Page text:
The Palmetto Insider

The blog of the South Carolina Policy Council

Veto Do-Overs for Dept. of Education, S.C. State, and Dept. of Agriculture

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One of the most frustrating aspects of monitoring the veto process in the Legislature is that even once a veto is sustained, a vote may be retaken on the same veto, resulting in an override. As The Nerve reported regarding last year’s veto process:

Last year, for example, the governor issued 47 line-item budget vetoes. In the end, the House sustained 17 of those vetoes, and the Senate sustained another four. But the first time around, the House sustained 24 and the Senate sustained 12, only to go back and reconsider seven and eight vetoes, respectively.

This year, legislators followed the same strategy – if on a more modest level. Out of 107 vetoes, the House sustained 51. However, this number does not include 3 vetoes that were initially sustained and then overridden: 

1)      Veto 1: The governor argued here that two nonmandatory student assessment programs administered by the Department of Education duplicate assessment tools currently in use. The veto was initially sustained by a vote of 70 to 48; and then overridden by a vote of 78 to 33. This was the first budget veto taken up by the House. Subsequently, the chamber sustained all but 1 of the governor’s first 13 vetoes, perhaps seeming to bolster observations that legislators are running scared.

2)      Veto 39: This veto pertained to S.C. State University’s Community Leadership and Economic Development program, funded at roughly $369,000. In our recent analysis of the governor’s vetoes, this veto was described as one of several that aimed to transfer economic development initiatives from higher educational institutions to the Department of Commerce. The governor noted that “this program … is not consistent with S.C. State’s PSA’s core function of enhancing our state’s agricultural and natural resources.” The veto was initially sustained by a vote of 56 to 54; then overridden by a vote of 85 to 28.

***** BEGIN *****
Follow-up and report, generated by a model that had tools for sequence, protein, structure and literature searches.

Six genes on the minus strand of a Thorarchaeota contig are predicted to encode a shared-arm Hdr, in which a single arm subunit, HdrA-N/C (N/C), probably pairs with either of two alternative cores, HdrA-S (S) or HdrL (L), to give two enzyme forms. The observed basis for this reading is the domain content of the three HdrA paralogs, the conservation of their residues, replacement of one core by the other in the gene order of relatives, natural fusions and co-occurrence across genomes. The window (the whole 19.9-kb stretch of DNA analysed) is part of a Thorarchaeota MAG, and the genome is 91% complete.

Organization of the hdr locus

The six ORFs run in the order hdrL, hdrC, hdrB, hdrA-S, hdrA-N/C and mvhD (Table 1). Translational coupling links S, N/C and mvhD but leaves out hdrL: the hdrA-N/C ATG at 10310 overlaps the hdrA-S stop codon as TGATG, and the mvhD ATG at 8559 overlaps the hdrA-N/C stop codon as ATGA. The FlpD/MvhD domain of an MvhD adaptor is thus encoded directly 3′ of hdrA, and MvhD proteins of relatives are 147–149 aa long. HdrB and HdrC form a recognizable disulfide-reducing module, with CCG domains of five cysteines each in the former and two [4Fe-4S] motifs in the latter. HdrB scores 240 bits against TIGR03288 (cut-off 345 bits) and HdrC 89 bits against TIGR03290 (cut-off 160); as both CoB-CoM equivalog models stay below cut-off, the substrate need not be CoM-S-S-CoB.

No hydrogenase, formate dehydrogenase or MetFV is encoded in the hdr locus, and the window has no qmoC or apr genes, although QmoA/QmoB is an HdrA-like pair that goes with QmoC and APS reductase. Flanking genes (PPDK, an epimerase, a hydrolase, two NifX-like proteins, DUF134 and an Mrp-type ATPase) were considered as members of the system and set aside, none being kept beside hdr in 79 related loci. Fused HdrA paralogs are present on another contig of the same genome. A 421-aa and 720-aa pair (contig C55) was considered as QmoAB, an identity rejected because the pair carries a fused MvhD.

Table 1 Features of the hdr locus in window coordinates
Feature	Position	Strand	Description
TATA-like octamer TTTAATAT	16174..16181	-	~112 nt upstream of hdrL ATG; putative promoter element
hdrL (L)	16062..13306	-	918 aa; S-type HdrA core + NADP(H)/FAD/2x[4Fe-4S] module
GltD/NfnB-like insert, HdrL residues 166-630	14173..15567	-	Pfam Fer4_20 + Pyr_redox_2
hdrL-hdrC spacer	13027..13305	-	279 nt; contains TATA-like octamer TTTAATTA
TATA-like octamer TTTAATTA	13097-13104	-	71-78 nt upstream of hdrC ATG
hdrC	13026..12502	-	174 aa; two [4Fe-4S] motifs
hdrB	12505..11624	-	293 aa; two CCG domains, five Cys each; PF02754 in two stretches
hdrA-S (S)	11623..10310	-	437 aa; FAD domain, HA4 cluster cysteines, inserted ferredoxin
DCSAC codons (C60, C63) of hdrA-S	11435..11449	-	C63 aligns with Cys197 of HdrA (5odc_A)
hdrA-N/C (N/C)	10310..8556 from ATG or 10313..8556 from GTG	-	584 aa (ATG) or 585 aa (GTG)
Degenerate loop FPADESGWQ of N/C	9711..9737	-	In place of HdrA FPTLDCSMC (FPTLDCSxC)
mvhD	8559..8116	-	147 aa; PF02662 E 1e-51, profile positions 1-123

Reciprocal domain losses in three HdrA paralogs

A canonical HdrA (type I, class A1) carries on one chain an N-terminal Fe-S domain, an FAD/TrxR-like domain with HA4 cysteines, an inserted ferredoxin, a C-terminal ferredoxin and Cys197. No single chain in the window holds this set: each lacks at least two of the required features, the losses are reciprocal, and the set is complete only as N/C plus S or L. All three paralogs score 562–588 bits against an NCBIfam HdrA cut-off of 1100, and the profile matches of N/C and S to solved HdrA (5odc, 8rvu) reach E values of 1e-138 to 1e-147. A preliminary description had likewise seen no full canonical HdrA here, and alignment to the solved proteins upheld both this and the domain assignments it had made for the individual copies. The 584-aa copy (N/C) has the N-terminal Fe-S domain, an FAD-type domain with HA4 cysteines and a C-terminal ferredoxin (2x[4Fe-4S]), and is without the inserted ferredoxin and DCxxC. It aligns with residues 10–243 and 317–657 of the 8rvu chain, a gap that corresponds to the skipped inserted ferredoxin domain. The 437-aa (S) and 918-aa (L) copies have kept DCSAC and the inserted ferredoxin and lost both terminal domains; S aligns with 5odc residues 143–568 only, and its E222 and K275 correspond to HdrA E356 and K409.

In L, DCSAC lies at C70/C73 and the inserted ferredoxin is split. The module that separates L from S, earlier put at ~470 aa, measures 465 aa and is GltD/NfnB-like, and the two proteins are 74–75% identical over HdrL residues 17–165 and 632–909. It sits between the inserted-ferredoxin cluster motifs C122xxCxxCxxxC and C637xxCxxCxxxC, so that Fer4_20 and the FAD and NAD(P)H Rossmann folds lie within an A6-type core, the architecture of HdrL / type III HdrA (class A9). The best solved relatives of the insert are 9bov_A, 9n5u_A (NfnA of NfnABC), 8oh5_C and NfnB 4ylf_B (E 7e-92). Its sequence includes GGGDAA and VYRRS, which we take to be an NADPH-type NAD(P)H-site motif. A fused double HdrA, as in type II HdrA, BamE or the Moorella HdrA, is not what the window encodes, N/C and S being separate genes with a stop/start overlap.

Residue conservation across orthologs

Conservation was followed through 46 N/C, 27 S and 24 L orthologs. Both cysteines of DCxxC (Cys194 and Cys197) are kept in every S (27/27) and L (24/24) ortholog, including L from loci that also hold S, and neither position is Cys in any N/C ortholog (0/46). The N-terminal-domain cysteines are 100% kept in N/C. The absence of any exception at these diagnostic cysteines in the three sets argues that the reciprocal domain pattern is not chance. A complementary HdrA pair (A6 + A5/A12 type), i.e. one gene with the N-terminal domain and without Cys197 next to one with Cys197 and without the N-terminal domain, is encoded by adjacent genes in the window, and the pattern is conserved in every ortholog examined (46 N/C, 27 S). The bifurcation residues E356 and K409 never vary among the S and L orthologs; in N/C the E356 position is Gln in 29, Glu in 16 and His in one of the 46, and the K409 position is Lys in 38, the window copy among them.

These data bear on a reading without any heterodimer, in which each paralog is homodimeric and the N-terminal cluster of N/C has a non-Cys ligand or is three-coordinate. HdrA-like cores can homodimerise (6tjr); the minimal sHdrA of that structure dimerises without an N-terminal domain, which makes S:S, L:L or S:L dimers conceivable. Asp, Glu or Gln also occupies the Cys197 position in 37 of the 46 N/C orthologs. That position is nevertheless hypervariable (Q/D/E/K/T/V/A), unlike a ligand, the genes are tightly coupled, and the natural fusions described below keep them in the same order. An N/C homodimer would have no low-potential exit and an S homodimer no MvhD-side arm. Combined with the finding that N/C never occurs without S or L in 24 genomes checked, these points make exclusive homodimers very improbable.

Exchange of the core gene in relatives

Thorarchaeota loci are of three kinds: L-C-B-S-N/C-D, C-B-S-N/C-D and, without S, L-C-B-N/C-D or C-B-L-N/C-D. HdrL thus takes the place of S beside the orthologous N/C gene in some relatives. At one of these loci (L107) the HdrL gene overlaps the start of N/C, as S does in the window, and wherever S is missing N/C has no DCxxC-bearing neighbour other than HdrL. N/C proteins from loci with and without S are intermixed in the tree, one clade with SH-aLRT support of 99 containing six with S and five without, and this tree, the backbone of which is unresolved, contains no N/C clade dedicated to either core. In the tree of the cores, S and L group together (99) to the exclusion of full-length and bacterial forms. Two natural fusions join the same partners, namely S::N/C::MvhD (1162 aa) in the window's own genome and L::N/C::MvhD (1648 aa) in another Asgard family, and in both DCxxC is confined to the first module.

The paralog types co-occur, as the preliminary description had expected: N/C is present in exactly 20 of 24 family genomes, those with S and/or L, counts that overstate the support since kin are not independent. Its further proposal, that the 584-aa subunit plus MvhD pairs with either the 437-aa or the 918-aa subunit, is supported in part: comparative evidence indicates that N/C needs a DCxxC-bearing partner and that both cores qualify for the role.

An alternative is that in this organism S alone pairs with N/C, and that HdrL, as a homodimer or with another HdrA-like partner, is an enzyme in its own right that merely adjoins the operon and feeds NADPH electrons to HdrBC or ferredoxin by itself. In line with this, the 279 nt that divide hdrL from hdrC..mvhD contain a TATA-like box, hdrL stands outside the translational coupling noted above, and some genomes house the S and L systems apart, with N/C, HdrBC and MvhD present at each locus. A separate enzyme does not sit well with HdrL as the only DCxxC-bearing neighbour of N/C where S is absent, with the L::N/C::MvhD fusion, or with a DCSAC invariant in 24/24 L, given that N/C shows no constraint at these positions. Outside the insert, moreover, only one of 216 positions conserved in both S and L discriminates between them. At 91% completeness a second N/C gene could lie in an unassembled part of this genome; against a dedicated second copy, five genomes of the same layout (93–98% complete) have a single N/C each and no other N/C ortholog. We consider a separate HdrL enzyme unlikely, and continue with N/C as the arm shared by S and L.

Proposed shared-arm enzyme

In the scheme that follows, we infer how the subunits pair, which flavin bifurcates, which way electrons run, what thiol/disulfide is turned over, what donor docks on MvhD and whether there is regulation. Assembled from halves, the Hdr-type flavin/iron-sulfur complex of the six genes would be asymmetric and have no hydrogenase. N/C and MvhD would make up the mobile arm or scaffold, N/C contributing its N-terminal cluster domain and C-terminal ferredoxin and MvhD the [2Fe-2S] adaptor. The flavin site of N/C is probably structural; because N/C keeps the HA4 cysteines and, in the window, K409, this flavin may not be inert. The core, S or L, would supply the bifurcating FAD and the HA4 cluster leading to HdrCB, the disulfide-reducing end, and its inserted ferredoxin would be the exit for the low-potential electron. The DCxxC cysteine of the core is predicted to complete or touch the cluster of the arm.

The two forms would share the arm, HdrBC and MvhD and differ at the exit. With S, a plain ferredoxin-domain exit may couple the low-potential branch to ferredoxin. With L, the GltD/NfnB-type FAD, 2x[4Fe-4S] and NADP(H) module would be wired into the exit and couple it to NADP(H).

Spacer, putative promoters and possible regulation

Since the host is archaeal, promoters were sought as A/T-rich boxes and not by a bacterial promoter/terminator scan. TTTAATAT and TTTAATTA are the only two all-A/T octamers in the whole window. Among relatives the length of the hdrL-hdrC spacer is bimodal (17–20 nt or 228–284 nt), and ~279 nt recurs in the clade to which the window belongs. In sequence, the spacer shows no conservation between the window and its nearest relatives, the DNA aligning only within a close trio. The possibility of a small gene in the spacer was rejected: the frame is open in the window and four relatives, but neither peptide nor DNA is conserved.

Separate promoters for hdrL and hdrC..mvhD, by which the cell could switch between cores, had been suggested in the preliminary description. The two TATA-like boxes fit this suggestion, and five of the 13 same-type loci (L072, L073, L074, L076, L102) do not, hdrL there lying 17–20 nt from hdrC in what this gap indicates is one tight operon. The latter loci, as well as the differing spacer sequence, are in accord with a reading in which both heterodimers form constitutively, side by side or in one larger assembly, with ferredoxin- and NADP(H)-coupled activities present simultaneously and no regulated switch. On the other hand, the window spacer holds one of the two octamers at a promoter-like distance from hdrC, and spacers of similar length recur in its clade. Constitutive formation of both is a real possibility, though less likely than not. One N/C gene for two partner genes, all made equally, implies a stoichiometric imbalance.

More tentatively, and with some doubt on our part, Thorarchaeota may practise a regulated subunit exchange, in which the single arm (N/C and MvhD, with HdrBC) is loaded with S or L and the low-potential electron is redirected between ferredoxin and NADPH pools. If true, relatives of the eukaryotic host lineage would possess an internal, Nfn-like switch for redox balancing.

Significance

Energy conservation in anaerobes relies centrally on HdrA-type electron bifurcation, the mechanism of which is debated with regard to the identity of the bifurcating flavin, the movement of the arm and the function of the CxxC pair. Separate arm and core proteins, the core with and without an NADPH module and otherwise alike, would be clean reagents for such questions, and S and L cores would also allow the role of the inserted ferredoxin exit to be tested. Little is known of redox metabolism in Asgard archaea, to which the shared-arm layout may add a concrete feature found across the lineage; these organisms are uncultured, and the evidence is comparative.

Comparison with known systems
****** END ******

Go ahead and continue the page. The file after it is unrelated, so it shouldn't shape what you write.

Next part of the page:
3)      Veto 94: This veto concerned $200,000 appropriated to the Department of Agriculture as part of the American Recovery and Reinvestment Act – i.e., the two-year federal stimulus. Generally, the governor vetoed expenditures on programs not related to education and law enforcement. (After all, that’s why we accepted the money in the first place … right?) This veto was sustained by a vote of 70 to 44; then overridden by a vote of 87 to 25. A handful of other vetoes regarding the use of stimulus funding on noncore services were sustained, but the majority were not.

Several vetoes were also sustained upon a revote apparently intended to bring about an overturn. These include vetoes 40, 43, 74 and 89. In one case – veto 6, regarding consultant fees within the Commission on Higher Education – the veto was overridden, sustained upon a revote, and then overridden again.

Meeting on June 17, the Senate overrode 29 of 56 of the remaining vetoes already overridden by the House. The Senate will reconvene on June 29 to take up the final 27 vetoes.

In an unusual twist, the governor has asked the Senate for a do-over on its vote to increase its own operating budget by $4.3 million. By contrast, the House upheld the governor’s veto of its own $1.2 million staffing/operating budget increase. Will the Senate do the same? If so, it’ll be one do-over that finally goes the governor’s way.

CLICK HERE to download the Policy Council’s exclusive, vote-by-vote breakdown showing how the House voted on each veto. 

CLICK HERE to download the Policy Council’s exclusive, vote-by-vote breakdown showing how the Senate has voted so far on each veto.


Written by Jameson Taylor

June 21, 2010 at 12:55 pm

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